Billy Graham, Martin Luther King Jr., and Racial Tensions and Bridge Building Today by John C. Richards, Jr.

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“People are often led to causes and often become committed to great ideas through persons who personify those ideas. They have to find the embodiment of the idea in flesh and blood in order to commit themselves to it.” – Martin Luther King, Jr., February 13, 1961

For 20 years, I didn’t know a thing about Billy Graham. Over that time, he came to be affectionately known as America’s Pastor. But as an American, I had not heard one of his sermons or watched any of his crusades. As it turns out, I wasn’t alone.

As LifeWay Research recently pointed out, 33% of Protestant churchgoers don’t know Billy Graham’s ministry. I’d venture to say that a good percentage of those churchgoers are African-American. For 20 years of my life, that was true of me. As an African-American man raised in a Baptist church in the South, Graham wasn’t on my radar.

In fact, I stumbled upon Graham’s ministry accidentally. As I consumed biographical content about one of my heroes in the faith, Martin Luther King, Jr., Graham’s name and his relationship with King peaked my interest. Who was this man of whom King said, “Had it not been for the ministry of my good friend Dr. Billy Graham, my work in the Civil Rights Movement would not have been as successful as it has been?”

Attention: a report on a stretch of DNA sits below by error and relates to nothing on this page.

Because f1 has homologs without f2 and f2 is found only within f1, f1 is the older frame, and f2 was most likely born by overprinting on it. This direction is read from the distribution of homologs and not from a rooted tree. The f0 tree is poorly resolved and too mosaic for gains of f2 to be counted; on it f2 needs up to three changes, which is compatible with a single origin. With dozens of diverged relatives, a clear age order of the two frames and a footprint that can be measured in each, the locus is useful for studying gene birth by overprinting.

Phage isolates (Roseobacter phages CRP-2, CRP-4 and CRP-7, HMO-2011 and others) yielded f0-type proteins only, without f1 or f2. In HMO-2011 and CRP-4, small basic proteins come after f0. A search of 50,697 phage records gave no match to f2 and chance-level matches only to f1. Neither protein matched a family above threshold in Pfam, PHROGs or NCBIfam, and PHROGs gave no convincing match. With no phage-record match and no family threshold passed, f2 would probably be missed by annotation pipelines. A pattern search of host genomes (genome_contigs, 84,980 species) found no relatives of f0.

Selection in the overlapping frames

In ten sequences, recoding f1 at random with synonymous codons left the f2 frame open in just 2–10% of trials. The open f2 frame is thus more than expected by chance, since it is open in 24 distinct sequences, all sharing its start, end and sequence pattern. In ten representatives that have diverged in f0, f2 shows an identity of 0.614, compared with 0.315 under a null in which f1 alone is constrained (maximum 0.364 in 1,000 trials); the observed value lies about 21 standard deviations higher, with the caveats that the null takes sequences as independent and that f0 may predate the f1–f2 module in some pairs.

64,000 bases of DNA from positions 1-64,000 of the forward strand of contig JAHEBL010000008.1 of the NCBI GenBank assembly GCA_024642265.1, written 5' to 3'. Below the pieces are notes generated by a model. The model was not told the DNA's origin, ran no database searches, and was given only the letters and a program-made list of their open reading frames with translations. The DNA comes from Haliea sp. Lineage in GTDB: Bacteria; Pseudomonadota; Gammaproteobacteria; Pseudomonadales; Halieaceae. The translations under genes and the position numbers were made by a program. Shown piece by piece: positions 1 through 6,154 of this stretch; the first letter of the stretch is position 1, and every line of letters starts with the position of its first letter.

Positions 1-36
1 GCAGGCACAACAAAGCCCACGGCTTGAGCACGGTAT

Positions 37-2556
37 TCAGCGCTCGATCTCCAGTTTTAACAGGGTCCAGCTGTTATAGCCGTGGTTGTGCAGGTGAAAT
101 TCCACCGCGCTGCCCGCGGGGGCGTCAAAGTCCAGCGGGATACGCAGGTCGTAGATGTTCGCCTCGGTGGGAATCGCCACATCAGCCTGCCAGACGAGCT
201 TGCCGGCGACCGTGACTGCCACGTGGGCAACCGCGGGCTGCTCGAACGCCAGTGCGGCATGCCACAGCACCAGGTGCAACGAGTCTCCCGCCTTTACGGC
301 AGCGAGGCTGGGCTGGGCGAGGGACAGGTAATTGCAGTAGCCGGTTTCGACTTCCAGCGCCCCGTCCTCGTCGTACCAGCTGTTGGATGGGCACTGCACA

Graham met King during a 1957 crusade in New York. They soon became friends—a friendship that led King to ask that Graham call him by his childhood name, Mike. As I read more about Graham (via King’s life), I decided to listen to some of Graham’s Crusade messages. They were simple, yet profound. As I listened, I hoped one day to learn more about his life and legacy. Little did I know that one day, I’d be working at a Center named after him.

Evangelism Personified

A year and a half ago, I sat down with Ed Stetzer, the Executive Director of the Billy Graham Center at Wheaton College, to discuss my candidacy for the managing director role at the Center. After several years on staff at a Chicago-area church, the new leadership position at the Center was intriguing to me for a few different reasons.

First, if anyone embodied the primacy of gospel proclamation in our time, it was Billy Graham. He was evangelism personified. Conservative estimates show that Graham preached the gospel to 200 million people around the globe during his ministry. He preached the cross of Christ without compromise and is perhaps the most significant evangelist of the 20th Century.

Because Graham embodied evangelism in a way that I felt would inspire others to share their faith, I decided to commit myself to the work of the Center—resourcing the church to reach the world for Jesus. Besides, if I was going to grow more deeply in my personal evangelism, what better place to nurture the practice than at the center named after a man who committed his life to doing just that?

Second, (and this is very important for me), I felt that taking on a leadership role at a Center named after Graham was my small way of living in the tension I believe Graham experienced throughout his ministry. That is, navigating the sincere desire for gospel proclamation while being looked to as a voice to flesh out the social implications of the gospel message—especially as it relates to racial tension in America. For Graham, that tension wasn’t always pretty.

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Source: Christianity Today